2

I wrote a simple multiplication function for matrices. Originally my matrices are stored in a single array in format (row, column):

(row0, col0), (row0, col1), (row0, colN), (row1, col0), ... (rowN, col0).

so a 2x2 identity matrix would look like

float eye[4] = {1, 0, 0, 1};

In the actual function I put the 2 array matrices being multiplied into 2d arrays (easy human readable) and then do the multiplication to get the new matrix output. Then convert back to single array. I am only dealing with 3x3, 3x1, and 1x3 matrices. So my code is not be 100% compatible with every matrix possibility. I have global arrays temp3 for my 3x1 and 1x3 matrices, and temp3x3 to hold 3x3 matrices. I use a global bool squared to determine which one the new output will go to.

I get that my code is not perfect, but my question is, why do I get overflow for simple operations? My code is as follows:

#include <math.h>
#include <WString.h>

#define FLOAT sizeof(float)
void multiplyMatrixAxB(const uint8_t rows1, const uint8_t cols1, const uint8_t size1, float matrix1[], const uint8_t rows2, const uint8_t cols2, const uint8_t size2, float matrix2[]);

float K[3]; // 3x1
float dgdn[3]; // 1x3

bool squared = false;
// Temp Variable to hold matrixes
float temp3x3[9];
float temp3[3];

void setup()
{
  Serial.begin(115200);
  Serial.println(F("Starting Matrix Test Program\n"));
  
  uint8_t i;
  K[0] = 1.0;
  K[1] = 2.0;
  K[2] = 3.0;

  dgdn[0] = 0.0;
  dgdn[1] = 0.0;
  dgdn[2] = 1.0;

  Serial.println(F("Matrix K setup as:"));
  for(i = 0; i < sizeof(K)/FLOAT; i++)
  {
    Serial.print(K[i]);
    Serial.print(F("\n"));
  }

  Serial.println(F("Matrix dgdn setup as:"));
  for(i = 0; i < sizeof(dgdn)/FLOAT; i++)
  {
    Serial.print(dgdn[i]);
    Serial.print(F("\t"));
  }
}

void loop()
{
  squared = true;
  Serial.println(F("\n\nA 3x1 times a 1x3 should give 3x3"));
  multiplyMatrixAxB(3,1, sizeof(K)/FLOAT, K, 1, 3, sizeof(dgdn)/FLOAT, dgdn);
  for(i = 0; i < 9; i++)
  {
    Serial.print(*(temp3x3 + i), 6);
    if(!((i+1)%3))
    {
      Serial.println();
    }
    else
    {
      Serial.print(F("\t"));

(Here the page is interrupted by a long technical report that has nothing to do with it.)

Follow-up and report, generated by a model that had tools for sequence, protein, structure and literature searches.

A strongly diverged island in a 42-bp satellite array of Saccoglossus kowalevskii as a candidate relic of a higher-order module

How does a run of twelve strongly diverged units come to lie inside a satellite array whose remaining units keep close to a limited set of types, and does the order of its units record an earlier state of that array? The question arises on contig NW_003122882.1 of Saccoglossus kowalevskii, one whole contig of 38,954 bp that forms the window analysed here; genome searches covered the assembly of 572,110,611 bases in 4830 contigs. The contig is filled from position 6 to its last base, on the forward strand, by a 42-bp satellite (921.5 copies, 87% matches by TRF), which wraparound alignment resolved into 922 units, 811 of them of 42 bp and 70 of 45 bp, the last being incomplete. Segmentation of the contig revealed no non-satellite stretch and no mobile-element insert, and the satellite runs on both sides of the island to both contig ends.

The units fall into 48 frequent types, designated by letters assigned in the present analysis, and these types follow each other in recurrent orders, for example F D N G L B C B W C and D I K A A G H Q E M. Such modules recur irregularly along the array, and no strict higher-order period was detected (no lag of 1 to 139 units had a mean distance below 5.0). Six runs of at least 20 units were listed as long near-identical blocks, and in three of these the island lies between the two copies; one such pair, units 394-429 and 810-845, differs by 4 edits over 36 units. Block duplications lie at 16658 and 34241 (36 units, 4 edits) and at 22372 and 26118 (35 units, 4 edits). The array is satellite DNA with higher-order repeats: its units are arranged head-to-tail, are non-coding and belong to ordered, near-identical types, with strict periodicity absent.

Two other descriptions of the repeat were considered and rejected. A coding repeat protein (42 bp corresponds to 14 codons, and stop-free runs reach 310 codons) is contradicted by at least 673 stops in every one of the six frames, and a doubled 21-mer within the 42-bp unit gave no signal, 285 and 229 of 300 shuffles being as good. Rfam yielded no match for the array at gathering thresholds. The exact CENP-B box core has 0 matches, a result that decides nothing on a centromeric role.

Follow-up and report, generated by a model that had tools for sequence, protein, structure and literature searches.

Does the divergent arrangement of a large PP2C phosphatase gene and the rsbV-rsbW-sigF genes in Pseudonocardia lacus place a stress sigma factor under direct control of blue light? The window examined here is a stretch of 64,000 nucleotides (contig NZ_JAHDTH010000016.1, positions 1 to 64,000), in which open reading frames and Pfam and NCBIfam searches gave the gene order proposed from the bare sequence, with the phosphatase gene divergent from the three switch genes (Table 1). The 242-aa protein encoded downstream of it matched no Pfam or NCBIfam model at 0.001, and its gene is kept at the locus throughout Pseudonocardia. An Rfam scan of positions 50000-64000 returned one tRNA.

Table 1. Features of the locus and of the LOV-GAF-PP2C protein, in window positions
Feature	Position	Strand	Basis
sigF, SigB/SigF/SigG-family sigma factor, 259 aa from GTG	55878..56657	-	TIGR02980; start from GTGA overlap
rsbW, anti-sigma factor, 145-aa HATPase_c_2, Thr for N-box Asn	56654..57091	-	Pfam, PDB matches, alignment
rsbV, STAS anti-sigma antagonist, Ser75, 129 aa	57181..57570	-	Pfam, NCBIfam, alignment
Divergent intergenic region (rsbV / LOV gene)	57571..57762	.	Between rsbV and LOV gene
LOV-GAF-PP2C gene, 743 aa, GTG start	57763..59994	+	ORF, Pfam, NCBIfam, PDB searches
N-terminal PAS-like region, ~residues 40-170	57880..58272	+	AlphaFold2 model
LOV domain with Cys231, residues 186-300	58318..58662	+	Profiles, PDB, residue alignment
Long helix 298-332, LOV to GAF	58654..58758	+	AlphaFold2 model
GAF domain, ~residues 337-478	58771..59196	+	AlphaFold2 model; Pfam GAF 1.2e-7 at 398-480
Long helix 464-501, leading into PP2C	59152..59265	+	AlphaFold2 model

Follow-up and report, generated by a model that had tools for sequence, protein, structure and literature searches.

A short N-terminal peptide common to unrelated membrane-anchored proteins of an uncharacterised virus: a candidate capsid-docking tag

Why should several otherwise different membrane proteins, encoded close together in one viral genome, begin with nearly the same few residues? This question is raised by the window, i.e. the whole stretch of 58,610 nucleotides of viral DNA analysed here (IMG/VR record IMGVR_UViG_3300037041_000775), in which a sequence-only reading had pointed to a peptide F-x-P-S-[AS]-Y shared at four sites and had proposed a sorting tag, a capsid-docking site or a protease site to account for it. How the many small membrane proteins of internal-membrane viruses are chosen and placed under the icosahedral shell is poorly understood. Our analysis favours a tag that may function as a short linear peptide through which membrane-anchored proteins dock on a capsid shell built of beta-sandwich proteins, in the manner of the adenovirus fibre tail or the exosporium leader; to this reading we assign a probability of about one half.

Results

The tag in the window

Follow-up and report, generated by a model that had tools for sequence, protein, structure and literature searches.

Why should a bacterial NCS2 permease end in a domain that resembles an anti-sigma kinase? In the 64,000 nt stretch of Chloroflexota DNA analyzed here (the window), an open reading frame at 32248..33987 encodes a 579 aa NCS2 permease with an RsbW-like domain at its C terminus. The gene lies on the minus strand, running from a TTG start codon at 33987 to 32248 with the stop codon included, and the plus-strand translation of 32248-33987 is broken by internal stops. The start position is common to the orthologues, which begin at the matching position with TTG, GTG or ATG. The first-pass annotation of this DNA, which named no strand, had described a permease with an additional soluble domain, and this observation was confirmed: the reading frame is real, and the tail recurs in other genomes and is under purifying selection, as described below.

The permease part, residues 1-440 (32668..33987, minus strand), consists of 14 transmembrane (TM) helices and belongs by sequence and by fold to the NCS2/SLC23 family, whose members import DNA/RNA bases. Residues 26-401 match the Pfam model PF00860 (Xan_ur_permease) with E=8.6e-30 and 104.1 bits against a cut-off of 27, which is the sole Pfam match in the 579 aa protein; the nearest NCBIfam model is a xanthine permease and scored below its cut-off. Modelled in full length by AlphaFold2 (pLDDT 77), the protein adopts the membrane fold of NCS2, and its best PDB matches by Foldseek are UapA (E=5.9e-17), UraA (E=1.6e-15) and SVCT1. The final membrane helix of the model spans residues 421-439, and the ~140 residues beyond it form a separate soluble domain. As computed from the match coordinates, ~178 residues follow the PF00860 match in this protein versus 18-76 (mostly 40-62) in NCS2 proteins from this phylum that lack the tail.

}
  }

  Serial.print(F("\n\n"));
  Serial.println(F("End of Test"));
  while(1){delay(1000);}
}

void multiplyMatrixAxB(const uint8_t rows1, const uint8_t cols1, const uint8_t size1, float matrix1[], const uint8_t rows2, const uint8_t cols2, const uint8_t size2, float matrix2[])
{
  if(cols1 != rows2)
  {
    Serial.println(F("Multiplying Invalid Matrixes. Check ColsA and RowsB"));
    while(1){delay(1000);}
  }
  
  if(size1 != rows1*cols1)
  {
    Serial.println(F("rows and columns do not match size of matrix A"));
    while(1){delay(1000);}
  }
  
  if(size2 != rows2*cols2)
  {
    Serial.println(F("rows and columns do not match size of matrix B"));
    while(1){delay(1000);}
  }
  
  uint8_t row, column, k, i;
  double mat1[rows1][cols1];
  double mat2[rows2][cols2];
  double newMat[rows1][cols2];

  // place matrix1 into 2d array
  row = 0;
  for(row = 0; row < rows1; row++)
  {
    column = 0;
    for(column = 0; column < cols1; column++)
    {
      mat1[row][column] = matrix1[row*cols1 + column];
    }
  }

  // place matrix2 into 2d array
  row = 0;
  for(row = 0; row < rows2; row++)
  {
    column = 0;
    for(column = 0; column < cols2; column++)
    {
      mat2[row][column] = matrix2[row*cols2 + column];
    }
  }

  // get new array with multiplied values
  row = 0;
  for(row = 0; row < rows1; row++)
  {
    column = 0;
    for(column = 0; column < cols2; column++)
    {
      k = 0;
      for(k = 0; k < cols1; k++)
      {
        newMat[row][column] += mat1[row][k]*mat2[k][column];
      }
    }
  }

  row = 0;
  i = 0;
  // Place new matrix into single array format
  for(row = 0; row < rows1; row++)
  {
    column = 0;
    for(column = 0; column < cols2; column++)
    {
      if(squared)
      {
        temp3x3[i] = newMat[row][column];
      }
      else
      {
        temp3[i] = newMat[row][column];
      }
      i++;
    }
  }
}

Hopefully that covered everything. I have more code, but it is all mostly commented out. At worst I missed a variable declaration here, but I will mention that in the IDE it compiles fine and runs. My output looks like this:

Starting Matrix Test Program

Matrix K setup as:
1.00
2.00
3.00
Matrix dgdn setup as:
0.00    0.00    1.00    

A 3x1 times a 1x3 should give 3x3
0.000000    0.000000    1.000000
ovf 0.000000    2.000000
0.000000    0.000000    3.000000


End of Test